International News

Pope and Putin Talk Primarily About Peace

By Cindy Wooden

VATICAN CITY (CNS) – Peace in the Middle East, particularly the ongoing war in Syria, topped the agenda Nov. 25 as Pope Francis welcomed Russian President Vladimir Putin to the Vatican.

The Russian president “conveyed the greetings of (Russian Orthodox) Patriarch Kirill, but there was not a discussion of ecumenical relations,” said Jesuit Father Federico Lombardi, Vatican spokesman.

Pope Francis walks with Russian President Vladimir Putin during a private audience at the Vatican Nov. 25.  See story on Page 3. CNS photo/L'Osservatore Romano via Reuters
Pope Francis walks with Russian President Vladimir Putin during a private audience at the Vatican Nov. 25. See story on Page 3. CNS photo/L’Osservatore Romano via Reuters

A formal statement issued after the meeting said “special attention was given to the pursuit of peace in the Middle East and to the serious situation in Syria.”

The Vatican said Putin thanked the pope for a letter the pope had written him in September when the Russian president was hosting a summit of the G-20 leaders of the world’s largest economies. The pope asked the leaders to “lay aside the futile pursuit of a military solution” to the Syria crisis and promote dialogue and negotiation.

Putin’s government has supported Syrian President Bashar Assad and has blocked U.N. Security Council resolutions to authorize the use of force to oust the Syrian president.

Pope Francis led a prayer vigil for peace in Syria in September and had asked other Christians around the world to observe a day of fasting and prayer for peace in the Middle Eastern country. The war has claimed more than 100,000 lives in fighting since March, 2011, and some nine million have been displaced or forced to seek refuge in neighboring countries.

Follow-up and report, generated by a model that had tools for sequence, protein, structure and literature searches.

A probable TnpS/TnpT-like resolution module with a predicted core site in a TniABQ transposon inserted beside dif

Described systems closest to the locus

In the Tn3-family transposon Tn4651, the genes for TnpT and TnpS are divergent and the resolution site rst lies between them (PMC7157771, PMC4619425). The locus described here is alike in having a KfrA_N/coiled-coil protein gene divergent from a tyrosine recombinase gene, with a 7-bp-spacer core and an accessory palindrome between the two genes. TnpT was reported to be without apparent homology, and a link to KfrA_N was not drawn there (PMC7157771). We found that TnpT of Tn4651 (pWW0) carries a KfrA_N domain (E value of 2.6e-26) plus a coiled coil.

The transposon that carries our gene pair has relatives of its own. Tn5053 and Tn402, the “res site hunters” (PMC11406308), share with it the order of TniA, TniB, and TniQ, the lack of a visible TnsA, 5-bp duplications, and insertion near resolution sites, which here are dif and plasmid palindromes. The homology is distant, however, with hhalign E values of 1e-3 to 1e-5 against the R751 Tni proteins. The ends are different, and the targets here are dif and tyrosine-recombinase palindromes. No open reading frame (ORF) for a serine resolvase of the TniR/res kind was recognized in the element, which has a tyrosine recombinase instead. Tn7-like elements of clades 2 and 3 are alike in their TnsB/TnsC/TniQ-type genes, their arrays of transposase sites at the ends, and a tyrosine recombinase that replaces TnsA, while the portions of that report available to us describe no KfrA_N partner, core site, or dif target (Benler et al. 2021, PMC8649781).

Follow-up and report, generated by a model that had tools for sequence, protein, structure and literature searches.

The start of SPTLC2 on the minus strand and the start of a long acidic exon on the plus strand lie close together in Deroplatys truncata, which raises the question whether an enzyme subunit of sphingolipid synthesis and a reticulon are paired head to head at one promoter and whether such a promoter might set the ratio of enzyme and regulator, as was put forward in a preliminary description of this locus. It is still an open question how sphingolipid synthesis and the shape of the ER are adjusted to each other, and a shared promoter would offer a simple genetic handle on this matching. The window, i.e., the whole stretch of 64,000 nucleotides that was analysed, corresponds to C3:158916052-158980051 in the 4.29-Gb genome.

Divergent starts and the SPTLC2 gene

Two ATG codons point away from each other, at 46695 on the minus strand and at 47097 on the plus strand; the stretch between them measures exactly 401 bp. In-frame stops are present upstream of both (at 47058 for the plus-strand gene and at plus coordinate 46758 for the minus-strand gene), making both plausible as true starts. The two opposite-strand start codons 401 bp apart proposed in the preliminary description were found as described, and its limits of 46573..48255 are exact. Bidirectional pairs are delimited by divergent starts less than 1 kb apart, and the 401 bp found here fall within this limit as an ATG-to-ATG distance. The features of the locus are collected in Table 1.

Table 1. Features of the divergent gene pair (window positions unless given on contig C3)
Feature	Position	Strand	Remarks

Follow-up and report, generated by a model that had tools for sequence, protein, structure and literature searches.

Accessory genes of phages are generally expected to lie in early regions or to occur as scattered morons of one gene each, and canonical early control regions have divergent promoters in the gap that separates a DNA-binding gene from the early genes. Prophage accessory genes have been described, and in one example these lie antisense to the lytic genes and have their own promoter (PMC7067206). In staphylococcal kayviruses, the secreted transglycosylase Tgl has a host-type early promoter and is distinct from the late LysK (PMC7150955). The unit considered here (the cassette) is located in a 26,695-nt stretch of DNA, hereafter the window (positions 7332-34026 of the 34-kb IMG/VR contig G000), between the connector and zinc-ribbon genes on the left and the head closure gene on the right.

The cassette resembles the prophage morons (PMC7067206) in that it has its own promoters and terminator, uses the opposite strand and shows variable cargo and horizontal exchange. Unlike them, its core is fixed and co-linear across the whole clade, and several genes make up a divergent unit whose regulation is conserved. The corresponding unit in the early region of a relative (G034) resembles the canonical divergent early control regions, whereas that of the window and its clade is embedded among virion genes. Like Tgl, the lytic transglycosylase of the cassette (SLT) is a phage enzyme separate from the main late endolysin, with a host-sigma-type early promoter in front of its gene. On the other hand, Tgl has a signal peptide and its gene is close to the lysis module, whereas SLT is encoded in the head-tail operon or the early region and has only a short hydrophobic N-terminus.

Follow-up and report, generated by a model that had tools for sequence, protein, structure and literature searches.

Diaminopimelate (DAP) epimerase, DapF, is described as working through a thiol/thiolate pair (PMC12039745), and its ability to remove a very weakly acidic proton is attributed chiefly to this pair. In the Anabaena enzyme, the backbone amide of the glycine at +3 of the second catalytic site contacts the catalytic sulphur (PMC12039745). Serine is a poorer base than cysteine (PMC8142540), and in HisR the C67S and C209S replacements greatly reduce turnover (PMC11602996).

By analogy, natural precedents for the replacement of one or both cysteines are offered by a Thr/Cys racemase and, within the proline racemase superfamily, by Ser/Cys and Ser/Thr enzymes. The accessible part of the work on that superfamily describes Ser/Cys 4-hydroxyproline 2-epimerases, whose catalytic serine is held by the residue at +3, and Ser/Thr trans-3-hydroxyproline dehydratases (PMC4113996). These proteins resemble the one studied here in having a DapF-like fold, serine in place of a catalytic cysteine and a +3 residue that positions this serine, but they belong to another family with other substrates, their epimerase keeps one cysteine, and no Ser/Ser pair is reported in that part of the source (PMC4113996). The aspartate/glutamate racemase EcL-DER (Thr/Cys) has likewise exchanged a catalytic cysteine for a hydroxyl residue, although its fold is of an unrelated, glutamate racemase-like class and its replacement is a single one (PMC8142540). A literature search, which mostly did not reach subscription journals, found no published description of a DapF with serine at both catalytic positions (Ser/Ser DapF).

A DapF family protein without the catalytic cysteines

The Vatican statement said that during the pope’s meeting with Putin, “the urgency of stopping the violence and bringing the necessary humanitarian assistance to the (Syrian) population was underlined,” as well as the need to promote negotiations and “involve the various ethnic and religious components, recognizing their essential role in society.”

Father Lombardi said the two also spoke about “the life of the Catholic community in Russia” and its contributions to the life of society, the oppression of Christians in some parts of the world, the defense and promotion of human dignity and the safeguarding of human life and the family.

Putin’s plane arrived late, and he was more than 45 minutes late for his meeting with the pope. The two spoke privately, aided by interpreters, for 35 minutes before Putin introduced the members of his entourage, including Foreign Minister Sergei Lavrov and Defense Minister Sergei Shoigu.

Pope Francis gave Putin a mosaic with a view of the Vatican gardens, and Putin gave Pope Francis an icon of Our Lady of Vladimir, one of the most venerated images in the Russian Orthodox Church.

As the pope was moving away from the gift table, Putin was overheard asking him, “Do you like the icon?” When the pope said yes, Putin made the sign of the cross, bowed and kissed the icon, and the pope did likewise.

Father Lombardi said the ongoing tensions in the Middle East also were the main focus of Putin’s meeting later with Archbishop Pietro Parolin, Vatican secretary of state.

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